Leave the taste of hotdogs behind and move on to the game. In this particular baseball game, a blonde headed pitcher named Charlie hurled a small solid ball at a speed that made me glad there was a fence in front of my face. A single pitch is a miracle in and of itself. Bone, muscle, and tendon meet the fingers in such a way that only a sports expert can explain. Pure muscle memory and the flight of the ball meet the rules of the game as an umpire decides with his eyes whether or not it is a strike or ball. Each pitch was made up of biological laws that played out in front of me. The miracle of cells that form muscles and muscles that form shoulders and bones that support aggressive movement and neurons that fire are all deep lessons in and of themselves. If we travel past the pages of thick science books and look for the wisdom behind the world of the cell and all that cells can build, we can find the whisper of a Master Creator that knew what it would take to throw a ball across the plate on a hot day in June.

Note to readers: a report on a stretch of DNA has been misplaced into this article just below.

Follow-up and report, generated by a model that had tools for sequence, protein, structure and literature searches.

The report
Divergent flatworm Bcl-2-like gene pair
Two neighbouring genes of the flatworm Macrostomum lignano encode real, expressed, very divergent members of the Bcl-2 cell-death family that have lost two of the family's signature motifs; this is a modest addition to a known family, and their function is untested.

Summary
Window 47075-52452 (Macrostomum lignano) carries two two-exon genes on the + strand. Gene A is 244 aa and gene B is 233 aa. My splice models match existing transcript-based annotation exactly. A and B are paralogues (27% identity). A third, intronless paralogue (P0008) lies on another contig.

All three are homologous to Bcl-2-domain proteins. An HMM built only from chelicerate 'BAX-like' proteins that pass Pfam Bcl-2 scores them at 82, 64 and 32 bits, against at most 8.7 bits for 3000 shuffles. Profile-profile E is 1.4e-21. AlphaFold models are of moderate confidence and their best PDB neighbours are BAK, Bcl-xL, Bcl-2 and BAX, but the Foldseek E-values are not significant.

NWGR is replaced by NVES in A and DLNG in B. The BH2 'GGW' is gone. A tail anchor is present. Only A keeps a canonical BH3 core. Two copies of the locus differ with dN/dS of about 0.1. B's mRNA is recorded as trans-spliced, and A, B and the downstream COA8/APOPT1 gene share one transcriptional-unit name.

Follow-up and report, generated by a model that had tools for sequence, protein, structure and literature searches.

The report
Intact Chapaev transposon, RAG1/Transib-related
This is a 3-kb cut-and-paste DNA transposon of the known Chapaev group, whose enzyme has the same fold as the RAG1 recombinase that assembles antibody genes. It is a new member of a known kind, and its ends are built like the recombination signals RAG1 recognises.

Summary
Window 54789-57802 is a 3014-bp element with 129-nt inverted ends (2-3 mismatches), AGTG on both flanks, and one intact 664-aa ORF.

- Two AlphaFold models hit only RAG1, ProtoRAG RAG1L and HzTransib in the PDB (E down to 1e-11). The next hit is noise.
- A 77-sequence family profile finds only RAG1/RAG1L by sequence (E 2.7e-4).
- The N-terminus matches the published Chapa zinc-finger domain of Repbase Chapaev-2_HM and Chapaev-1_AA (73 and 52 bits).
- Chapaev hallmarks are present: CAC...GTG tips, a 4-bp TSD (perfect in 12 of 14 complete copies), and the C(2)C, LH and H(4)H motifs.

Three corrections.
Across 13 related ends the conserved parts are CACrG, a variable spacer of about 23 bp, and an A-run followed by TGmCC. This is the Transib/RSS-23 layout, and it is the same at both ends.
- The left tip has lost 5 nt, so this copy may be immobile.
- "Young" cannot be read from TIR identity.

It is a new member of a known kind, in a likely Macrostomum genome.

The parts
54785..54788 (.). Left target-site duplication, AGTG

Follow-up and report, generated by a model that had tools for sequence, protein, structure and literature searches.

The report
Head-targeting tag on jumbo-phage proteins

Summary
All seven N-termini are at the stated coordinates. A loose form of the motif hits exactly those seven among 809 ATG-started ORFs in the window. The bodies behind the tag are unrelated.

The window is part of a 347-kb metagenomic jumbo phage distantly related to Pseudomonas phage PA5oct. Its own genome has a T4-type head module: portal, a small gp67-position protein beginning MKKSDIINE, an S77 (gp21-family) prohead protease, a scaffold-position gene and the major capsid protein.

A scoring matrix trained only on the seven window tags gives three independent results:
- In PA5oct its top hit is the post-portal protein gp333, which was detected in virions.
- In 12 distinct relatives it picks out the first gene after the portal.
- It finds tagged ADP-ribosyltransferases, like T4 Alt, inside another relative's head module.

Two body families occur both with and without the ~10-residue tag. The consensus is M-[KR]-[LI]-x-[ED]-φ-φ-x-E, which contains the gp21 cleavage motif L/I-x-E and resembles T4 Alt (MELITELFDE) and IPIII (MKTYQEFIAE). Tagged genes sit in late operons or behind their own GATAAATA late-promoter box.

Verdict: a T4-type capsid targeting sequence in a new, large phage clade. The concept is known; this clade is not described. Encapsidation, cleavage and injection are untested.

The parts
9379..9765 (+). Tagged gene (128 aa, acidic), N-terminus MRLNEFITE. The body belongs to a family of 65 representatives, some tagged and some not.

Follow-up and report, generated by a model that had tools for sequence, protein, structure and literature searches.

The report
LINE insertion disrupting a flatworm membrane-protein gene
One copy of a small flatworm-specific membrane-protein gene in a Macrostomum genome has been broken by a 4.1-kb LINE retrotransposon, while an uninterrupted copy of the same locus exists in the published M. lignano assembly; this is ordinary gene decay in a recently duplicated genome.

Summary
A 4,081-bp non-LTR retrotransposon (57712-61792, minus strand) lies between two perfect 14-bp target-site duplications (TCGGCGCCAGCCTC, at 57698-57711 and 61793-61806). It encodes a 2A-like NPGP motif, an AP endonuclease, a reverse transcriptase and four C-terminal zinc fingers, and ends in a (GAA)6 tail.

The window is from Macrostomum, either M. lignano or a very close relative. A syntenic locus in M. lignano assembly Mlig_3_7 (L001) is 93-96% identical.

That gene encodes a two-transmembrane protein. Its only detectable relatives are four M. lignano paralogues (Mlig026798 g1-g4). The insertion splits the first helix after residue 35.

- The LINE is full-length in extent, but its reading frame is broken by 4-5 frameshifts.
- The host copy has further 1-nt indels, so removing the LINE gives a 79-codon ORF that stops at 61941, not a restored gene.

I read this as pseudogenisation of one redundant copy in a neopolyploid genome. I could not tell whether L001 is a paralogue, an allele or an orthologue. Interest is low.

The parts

God’s finger prints do not stop there on the mound. The Law of Physics that states that matter cannot occupy the same place at the same time is what every batter knows to be true. Without this law the ball would never fly in the opposite direction of the pitch. The bat meets the ball and forces are unleashed that can send it into all kinds of flight patterns that a rocket scientist can understand. The ball’s flight enters a trajectory of patterns repeated in the universe and these ancient patterns are hastily and unknowingly interpreted by another player standing in the outfield who desires to catch the ball. As the outfielder positions his body to intercept the flying ball, the spinning earth is following its own orbit at speeds that the outfielder’s body is designed to ignore as the pushes and pulls of the universe occur without his notice. In the stands the spectators watch the event not even considering that if one could increase the spin of the earth or slow it down it would affect the spin of the baseball on earth and the outfielder would miss the ball as it would land somewhere outside of the field. The Master of mathematics once again displays how He holds matter together and allows it to consistently dance before us in the dust. It is all a grand connection that would score high in Jennifer Lopez’s World of Dance if we could just sit back and watch it all at once in the theater of the universe.